Gordon:  I've been seeing some traffic in the various lists that were also doing some things to make it easier just to get Origin installed.
Mark:  There's a lot of work there because it's not the easiest thing right now. It's not perfect in Fedora 18. We got the original packages into Fedora 18 with the release, because if we hadn't, it would have taken another six months we'd have had to wait for Fedora 19. But there's still a lot of work to do if you want to build a box on Fedora 18. There are packages that we need that aren't yet upstream. There's a repository that we maintain for Open Shift of those package that are still...We're still working on getting them upstream, but we can't stop development, so we provide them for the interim.
It's been moving. It's a moving target, how to install this stuff is a moving target. There are a number of blog posts, and really, when you find one, you want to look at the age, because the older they are, the more likely they are to be outdated. If you find the newer ones, there are going to be bugs in it. We're still working on it, and we're still getting it so that it's seamless.
But that's really the part I'm working on, is how do I, there are people who are working on how do I wrap it all up. I'm actually working on how to take it apart so that when something doesn't go the way you expect, where do you look? What do you do? That's really what my focus in my various blogs has been.
Gordon:  There's also a new cartridge architecture, cartridges being essentially the plugin mechanism for Open Shift that is planned to really make it easier to develop cartridges.
Mark:  It will. It's not an area that I'm really deep into right now. There are some really good people working on that, so I haven't really felt the need to get into it directly. But the big thing they're doing is providing cleaner interfaces for the user space code. One of the aspects of OpenShift that's a bit unusual in a PaaS is it's not a virtual machine. It's a multitenant system and that was one of the things I worked on early on, was figuring out ways so that you could have individual users that you can't denial of service.
You can't DOS someone else who's on the box. You can't escape. You can run your application there and not worry about whether or not somebody else is eating up all the memory.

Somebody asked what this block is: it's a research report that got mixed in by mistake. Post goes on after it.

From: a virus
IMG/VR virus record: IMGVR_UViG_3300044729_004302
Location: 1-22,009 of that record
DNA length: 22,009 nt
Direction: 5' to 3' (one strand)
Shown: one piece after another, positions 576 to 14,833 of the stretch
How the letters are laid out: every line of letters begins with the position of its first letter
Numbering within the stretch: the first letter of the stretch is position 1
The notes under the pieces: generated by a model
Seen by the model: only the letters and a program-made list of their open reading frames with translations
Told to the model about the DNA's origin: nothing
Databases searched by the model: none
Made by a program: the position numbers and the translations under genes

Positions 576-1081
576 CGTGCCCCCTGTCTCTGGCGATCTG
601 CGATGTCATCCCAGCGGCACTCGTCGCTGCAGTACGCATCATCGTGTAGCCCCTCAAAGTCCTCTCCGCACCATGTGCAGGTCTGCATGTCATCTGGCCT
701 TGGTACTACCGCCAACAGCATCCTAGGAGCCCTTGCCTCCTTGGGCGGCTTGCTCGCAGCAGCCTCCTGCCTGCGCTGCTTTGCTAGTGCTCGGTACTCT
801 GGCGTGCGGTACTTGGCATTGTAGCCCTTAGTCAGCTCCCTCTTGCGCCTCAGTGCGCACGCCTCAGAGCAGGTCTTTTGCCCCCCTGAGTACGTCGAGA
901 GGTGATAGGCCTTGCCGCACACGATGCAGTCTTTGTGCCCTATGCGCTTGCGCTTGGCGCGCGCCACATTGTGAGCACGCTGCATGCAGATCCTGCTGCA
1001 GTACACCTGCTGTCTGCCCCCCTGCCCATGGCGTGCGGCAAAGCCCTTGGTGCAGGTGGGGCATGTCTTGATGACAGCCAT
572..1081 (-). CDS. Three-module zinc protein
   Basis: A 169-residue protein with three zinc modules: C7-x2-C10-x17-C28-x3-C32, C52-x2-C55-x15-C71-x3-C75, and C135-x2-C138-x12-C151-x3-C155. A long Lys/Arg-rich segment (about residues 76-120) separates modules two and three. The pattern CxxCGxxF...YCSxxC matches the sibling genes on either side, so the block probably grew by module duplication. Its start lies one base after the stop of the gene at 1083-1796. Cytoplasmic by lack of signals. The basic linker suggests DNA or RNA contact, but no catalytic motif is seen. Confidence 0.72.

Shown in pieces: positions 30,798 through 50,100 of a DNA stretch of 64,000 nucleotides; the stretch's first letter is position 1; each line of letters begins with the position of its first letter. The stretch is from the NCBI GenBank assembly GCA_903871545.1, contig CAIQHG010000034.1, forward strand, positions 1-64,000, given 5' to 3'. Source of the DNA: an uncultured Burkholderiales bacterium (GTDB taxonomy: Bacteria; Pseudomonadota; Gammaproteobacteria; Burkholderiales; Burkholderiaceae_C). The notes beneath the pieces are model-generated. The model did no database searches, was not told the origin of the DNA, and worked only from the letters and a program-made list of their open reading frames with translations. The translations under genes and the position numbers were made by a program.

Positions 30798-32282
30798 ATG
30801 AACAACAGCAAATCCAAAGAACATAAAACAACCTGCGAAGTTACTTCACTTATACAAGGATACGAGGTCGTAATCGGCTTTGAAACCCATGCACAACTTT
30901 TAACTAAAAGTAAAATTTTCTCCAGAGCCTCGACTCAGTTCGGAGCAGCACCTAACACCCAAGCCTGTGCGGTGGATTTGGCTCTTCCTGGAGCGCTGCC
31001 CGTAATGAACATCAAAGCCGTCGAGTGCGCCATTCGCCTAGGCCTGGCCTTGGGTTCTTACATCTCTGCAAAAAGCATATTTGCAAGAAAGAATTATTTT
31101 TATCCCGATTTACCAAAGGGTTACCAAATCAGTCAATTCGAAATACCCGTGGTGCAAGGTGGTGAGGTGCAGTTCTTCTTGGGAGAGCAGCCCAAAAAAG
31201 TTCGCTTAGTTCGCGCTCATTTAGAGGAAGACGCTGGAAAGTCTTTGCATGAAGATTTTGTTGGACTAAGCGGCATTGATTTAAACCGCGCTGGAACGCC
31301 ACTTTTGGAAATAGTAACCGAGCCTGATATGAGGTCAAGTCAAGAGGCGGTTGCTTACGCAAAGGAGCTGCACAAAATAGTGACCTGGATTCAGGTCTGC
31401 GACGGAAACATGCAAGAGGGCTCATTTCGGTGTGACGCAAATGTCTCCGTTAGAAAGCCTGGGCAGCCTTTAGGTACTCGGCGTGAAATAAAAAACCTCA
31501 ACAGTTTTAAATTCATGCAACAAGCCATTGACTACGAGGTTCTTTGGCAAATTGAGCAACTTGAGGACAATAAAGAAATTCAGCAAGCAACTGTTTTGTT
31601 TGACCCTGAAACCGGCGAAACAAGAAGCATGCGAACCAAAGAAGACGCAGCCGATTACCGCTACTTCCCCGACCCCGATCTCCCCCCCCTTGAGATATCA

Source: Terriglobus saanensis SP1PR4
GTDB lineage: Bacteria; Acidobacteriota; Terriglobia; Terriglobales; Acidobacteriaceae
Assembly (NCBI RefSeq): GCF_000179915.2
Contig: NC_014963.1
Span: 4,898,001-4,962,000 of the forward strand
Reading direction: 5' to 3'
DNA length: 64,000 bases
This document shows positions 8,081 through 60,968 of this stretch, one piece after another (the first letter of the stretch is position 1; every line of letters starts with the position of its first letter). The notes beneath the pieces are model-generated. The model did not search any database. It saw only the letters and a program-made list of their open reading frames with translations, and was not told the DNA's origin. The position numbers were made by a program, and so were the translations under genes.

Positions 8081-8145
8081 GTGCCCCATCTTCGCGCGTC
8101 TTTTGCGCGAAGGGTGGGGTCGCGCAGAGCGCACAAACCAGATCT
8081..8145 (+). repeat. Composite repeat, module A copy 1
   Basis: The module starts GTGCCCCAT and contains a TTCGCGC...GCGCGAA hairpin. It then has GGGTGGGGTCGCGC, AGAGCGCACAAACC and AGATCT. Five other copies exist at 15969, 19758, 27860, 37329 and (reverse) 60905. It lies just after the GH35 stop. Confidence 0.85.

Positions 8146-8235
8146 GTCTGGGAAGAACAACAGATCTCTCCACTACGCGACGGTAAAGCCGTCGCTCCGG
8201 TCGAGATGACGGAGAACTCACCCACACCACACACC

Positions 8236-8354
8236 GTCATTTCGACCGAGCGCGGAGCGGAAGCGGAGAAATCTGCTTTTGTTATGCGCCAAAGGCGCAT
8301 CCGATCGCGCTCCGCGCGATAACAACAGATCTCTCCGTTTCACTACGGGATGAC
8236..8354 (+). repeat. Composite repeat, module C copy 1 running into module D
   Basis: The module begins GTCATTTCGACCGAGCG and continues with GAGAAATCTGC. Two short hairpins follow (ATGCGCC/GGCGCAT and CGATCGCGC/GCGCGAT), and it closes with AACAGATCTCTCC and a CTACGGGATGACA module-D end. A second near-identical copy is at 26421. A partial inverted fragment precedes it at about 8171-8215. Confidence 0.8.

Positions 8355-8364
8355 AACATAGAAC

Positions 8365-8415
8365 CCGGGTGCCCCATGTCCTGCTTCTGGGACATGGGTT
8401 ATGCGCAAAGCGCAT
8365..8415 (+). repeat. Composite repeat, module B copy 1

What the new cartridge will do is nicely define the boundaries between what are user space tasks, what are system space tasks, and what are OpenShift setup tasks, which really fall in the middle?
Gordon:  What are you working on right now?
Mark:  A couple of different things. I'm actively working on the experience of building an OpenShift broker from scratch without using the package scripts, so that I can see what's going on underneath and talk about it. I'm also looking at the...I've got a pull request outstanding for putting the package build logic in a place where people expect to see it.
Right now, we have a set of OpenShift dev tools. They wrap the build process. It works really well, if you're working in a specific environment that we use for testing and for automation.
It hides a lot of the details of what's going on inside and it doesn't yet allow you to tweak specific areas, build a single package, or run through the build install test cycle, for a single package you might be developing.
What I'm doing is working to move those tasks closer to where the developer is by putting, in this case, a Rakefile, which is a Ruby equivalent of make, into each package directory. So that when someone is developing they look and go, "There's a Rakefile there." I can type Rake tasks and it will tell me what I can do. Then I can go to the top and I can say Rake build.
It will walk down the tree and I don't need a set of special tools to do that. I'm working to make it so that that build process is layered, so that you can get at it at each of the layers as is appropriate for your work.
Gordon:  Sounds like fun stuff. I should also mention to our listeners we have a community day coming up for OpenShift, in mid April, right in advance of the open stack summit in Portland, Oregon. If you're going to be in the area, stop on by.
Mark:  We've also started a Friday IRC hour from 9:00 o'clock Pacific time. Krishna and I, and a couple of other people, will be available specifically to answer open questions, Fridays at noon Eastern, 9:00 Pacific.

Thursday, March 21, 2013

Why apps will continue to make sense